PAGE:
Key messages

  • School meals are a critical nutritional and educational intervention, yet the COVID-19 pandemic eroded school meal provision and set back progress.

  • Caregivers shifted away from school meals and towards packed lunches during the pandemic not because of concerns about safety, but rather because of a lack of provision at schools or a decrease in the quality and variety of school meals.

  • Children from lower income households were least likely to go to schools that provided meals during lockdown and most likely to receive ultra-processed packed lunches.


In November 2021, the United Nations (UN) announced a school meals coalition involving five UN agencies: the Food and Agriculture Organization of the United Nations (FAO), the United Nations Educational, Scientific and Cultural Organization (UNESCO), the United Nations International Children's Emergency Fund (UNICEF), the UN World Food Programme (WFP), and the World Health Organization (WHO), and more than 50 partners including non-government organisations, civil society, and foundations [1]. It noted that these school meal programmes contribute to achieving at least seven of the Sustainable Development Goals (SDGs), including “those related to poverty (SDG1), hunger and all forms of malnutrition (SDG2), health (SDG3), education (SDG4), gender equality (SDG5), sustainable consumption and production (SDG12) and partnerships (SDG17)” [2]. As a result, the UN encouraged governments to commit universally to deliver school meals to every child in the world by 2030 [2].

Extensive research that identifies meals eaten in education and care settings as having a substantial impact on a child’s total diet validates the UN position [3]. Food and drink provided in schools influence healthy dietary behaviour during the life stage when eating habits and food preferences are being formed [3]. As a result, some have gone so far as to suggest that a government’s failure to provide healthy foods in schools amounts to a breach of a child’s human rights [4].

In England, schools have offered meals for over 150 years. A variety of overlapping programmes promote school meals for children in state supported schools. Since 2014, the universal infant free school meals programme (UIFSM) has provided all children in Reception, Year One and Year Two (children from four to seven years of age) of state-funded primary schools with a free meal, unless caregivers (people with parental responsibility, or guardians) opt otherwise [5]. These three cohorts of children are eligible for a two-course meal worth approximately £2 a day, including a hot option. The UK implemented this programme following an independent report, the School Food Plan (2013).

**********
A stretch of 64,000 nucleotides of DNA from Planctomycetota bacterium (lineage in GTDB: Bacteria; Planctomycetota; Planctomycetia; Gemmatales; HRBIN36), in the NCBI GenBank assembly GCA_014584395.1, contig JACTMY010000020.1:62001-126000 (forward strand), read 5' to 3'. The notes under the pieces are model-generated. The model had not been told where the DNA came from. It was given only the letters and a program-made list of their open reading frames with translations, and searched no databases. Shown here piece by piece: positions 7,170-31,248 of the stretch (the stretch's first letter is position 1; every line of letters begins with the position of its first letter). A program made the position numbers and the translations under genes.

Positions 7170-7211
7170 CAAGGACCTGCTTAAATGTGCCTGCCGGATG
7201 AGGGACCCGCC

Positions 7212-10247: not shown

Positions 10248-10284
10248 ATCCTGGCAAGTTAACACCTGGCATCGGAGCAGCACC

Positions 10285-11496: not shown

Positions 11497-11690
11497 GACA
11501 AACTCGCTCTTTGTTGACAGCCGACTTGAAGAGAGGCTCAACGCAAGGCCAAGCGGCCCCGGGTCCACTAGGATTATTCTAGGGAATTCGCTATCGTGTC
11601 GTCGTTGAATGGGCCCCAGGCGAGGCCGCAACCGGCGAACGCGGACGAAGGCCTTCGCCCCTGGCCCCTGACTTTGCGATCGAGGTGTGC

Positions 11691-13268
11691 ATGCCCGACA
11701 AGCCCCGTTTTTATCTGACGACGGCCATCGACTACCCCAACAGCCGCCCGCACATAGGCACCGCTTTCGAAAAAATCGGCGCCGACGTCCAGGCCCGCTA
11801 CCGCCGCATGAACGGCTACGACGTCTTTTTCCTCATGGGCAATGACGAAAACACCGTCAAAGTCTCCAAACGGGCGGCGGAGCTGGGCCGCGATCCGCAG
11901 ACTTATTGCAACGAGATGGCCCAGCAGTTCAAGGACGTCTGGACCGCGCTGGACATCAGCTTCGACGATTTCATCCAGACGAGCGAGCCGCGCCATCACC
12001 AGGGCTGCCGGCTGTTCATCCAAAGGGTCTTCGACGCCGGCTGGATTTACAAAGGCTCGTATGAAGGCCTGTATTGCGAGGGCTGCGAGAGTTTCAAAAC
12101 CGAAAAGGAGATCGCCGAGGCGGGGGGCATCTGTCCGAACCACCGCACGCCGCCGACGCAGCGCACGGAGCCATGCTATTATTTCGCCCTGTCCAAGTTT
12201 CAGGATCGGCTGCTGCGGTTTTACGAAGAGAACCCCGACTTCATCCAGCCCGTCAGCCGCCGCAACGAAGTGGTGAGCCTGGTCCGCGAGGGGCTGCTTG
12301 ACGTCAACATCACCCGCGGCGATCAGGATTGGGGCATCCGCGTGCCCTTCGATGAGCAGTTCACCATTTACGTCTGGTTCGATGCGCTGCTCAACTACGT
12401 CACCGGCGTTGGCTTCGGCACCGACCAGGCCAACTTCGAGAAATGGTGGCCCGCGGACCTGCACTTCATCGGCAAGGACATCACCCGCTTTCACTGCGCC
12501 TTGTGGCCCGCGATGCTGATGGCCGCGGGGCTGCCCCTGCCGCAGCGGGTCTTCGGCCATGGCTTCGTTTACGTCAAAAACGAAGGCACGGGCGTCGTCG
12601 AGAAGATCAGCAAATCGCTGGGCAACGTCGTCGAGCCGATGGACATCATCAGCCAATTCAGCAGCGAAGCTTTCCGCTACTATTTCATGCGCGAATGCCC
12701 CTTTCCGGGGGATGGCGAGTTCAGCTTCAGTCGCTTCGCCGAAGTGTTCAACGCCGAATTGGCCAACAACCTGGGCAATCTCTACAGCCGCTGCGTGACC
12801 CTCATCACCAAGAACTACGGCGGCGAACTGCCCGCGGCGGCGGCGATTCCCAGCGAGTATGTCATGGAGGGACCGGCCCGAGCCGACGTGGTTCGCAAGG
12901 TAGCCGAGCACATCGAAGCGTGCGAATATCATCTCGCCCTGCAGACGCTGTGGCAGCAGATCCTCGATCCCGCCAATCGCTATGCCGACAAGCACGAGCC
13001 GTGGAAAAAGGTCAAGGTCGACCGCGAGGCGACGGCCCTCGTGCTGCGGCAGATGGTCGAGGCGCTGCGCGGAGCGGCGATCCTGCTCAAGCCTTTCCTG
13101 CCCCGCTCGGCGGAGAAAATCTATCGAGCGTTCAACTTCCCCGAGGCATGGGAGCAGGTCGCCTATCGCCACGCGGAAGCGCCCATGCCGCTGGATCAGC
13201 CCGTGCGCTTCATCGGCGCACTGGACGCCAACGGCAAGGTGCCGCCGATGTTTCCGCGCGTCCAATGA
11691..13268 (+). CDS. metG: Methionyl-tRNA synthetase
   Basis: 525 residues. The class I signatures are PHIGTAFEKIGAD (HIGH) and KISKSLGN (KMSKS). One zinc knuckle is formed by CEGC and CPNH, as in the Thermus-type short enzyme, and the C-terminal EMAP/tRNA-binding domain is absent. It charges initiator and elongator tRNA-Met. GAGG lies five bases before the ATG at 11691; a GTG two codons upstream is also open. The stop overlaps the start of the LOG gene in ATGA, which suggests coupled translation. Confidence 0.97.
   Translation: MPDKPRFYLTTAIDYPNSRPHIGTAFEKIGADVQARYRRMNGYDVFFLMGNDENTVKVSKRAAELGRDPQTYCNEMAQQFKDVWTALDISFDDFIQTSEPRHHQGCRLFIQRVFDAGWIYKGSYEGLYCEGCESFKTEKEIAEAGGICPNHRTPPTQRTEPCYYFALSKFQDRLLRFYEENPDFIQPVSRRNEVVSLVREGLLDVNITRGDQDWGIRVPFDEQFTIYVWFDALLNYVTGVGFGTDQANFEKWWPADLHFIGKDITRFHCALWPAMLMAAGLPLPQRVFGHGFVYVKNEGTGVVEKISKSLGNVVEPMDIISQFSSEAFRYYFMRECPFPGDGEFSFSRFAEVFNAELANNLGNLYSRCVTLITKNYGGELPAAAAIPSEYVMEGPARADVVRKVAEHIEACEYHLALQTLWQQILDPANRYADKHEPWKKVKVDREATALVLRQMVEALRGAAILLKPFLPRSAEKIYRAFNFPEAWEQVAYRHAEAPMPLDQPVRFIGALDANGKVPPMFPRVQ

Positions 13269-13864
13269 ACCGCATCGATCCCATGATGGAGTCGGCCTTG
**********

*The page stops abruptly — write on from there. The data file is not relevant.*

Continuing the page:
The then-coalition government initiated UIFSM to “ease the pressure on households, encourage healthy eating and … raise educational performance” [6]. Studies have documented that UIFSM boosted children’s health and educational performance [7]. The provision also appears to have promoted greater uptake of free school meals among those who would otherwise have qualified via means-testing, as demonstrated during the UK Government’s UIFSM pilot scheme [8].

Yet the COVID-19 pandemic heavily impacted school meal provision in England. The Government closed schools in England to most pupils on the afternoon of 20 March 2020 for an indefinite period, with only the children of key workers (people in private or public sector employment that the Government considered to be essential to society) and vulnerable children (those with a social worker, children in care, and those with complex special educational needs) permitted to attend from thereon in. The Department of Education suspended UIFSM on 20 March 2020 and only began to reinstate UIFSM during the phased reopening of primary schools from 1 June 2020 [9]. A replacement voucher system was offered to pupils who qualified for means-tested free school meals through low household income. Separately, many schools continued to provide in-person school meals for the vulnerable children and children of keyworkers who attended during the lockdown, although some schools choose not to continue this provision or advised pupils to bring in packed lunch where possible [9].